I personally would not do a low fat, low carb diet. I prefer low carb diets to low fat ones, and there’s a lot of research out there showing that low carb diets are more effective than low fat diets. It just seems like too much deprivation to me. Kind of like trying to be gluten free, and a vegan, at the same time.
A low fat, low carb diet may work for weight loss in the short term. It may be possible to pull off, if you work closely with a dietician. But it is a deprivation diet. It can have both short and long term negative health impacts. According to some, it may destroy some of your lean muscle mass. So you will want to be careful about going TOO low on both at the same time. Almost every low carb diet over the past 50 years has been high fat or at least moderate fat, and there is probably good reason for that.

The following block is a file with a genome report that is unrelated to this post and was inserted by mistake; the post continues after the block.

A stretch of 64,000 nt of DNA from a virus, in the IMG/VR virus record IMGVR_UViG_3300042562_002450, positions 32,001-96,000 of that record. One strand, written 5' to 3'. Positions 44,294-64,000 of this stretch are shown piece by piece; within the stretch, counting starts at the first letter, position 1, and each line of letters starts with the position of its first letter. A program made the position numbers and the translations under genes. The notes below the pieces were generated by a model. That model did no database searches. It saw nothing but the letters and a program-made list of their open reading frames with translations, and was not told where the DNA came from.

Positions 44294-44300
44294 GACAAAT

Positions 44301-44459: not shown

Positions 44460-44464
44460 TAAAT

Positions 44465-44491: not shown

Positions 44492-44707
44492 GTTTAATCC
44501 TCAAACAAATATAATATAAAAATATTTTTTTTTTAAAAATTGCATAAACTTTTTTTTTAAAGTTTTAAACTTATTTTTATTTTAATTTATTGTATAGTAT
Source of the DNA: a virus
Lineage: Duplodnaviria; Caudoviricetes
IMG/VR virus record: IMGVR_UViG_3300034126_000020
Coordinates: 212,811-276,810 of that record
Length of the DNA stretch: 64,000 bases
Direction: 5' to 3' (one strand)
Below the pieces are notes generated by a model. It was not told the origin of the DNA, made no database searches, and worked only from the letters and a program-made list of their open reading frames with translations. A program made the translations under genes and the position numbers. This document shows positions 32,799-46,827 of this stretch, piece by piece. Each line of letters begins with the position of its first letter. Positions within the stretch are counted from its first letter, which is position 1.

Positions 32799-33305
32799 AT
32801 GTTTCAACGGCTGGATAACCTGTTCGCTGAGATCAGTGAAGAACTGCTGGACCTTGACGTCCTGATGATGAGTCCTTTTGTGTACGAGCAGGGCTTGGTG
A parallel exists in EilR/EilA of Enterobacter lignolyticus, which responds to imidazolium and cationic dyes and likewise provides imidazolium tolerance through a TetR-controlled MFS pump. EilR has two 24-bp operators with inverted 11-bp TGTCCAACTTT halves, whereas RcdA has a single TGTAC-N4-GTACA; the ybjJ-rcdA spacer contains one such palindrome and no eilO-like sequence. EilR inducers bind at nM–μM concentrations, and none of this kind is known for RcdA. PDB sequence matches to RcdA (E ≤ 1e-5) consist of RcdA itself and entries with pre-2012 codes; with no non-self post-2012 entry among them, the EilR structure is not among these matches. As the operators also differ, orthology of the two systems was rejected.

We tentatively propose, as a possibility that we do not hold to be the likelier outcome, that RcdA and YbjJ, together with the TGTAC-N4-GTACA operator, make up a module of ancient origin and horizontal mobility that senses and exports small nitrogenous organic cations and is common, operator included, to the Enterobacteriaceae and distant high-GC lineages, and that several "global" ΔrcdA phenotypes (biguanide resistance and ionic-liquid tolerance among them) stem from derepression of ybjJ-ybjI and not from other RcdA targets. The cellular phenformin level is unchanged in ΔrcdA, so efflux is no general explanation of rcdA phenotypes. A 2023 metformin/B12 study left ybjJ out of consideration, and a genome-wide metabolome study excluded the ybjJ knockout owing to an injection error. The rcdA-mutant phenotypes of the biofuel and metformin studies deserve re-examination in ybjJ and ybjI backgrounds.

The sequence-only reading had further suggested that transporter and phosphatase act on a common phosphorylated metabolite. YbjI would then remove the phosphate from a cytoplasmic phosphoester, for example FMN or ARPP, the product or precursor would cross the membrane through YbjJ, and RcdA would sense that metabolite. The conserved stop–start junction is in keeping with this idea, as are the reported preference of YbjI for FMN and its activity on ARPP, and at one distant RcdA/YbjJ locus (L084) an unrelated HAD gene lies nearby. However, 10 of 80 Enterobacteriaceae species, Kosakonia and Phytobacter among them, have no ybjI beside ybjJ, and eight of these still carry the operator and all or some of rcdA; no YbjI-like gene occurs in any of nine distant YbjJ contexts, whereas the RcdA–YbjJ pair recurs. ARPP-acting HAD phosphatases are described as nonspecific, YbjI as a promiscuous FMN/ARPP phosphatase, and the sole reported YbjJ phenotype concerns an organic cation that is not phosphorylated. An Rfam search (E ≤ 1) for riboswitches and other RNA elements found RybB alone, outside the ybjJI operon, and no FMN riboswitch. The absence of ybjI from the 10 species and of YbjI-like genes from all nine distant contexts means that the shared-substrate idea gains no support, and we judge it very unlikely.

There are some issues with a low carb, low fat diet. One of the main issues, is that if you cut out all the fat and carbs, you are left with just protein, the only other one of the 3 macronutrients. Consuming too much protein can lead to dehydration, and potentially even weaken your bones. You will basically only be eating lean meat, fish, egg white, and a handful of vegetables, and that is going to make it difficult for people to stick with the diet in the long term.
There is a diet called the DASH diet for people with hypertension, however, that although not extremely low carb or low fat, is moderate carb and moderate fat. It emphasizes vegetables, fruits, modest portions of whole grains and healthy fats, lean protein and low fat dairy.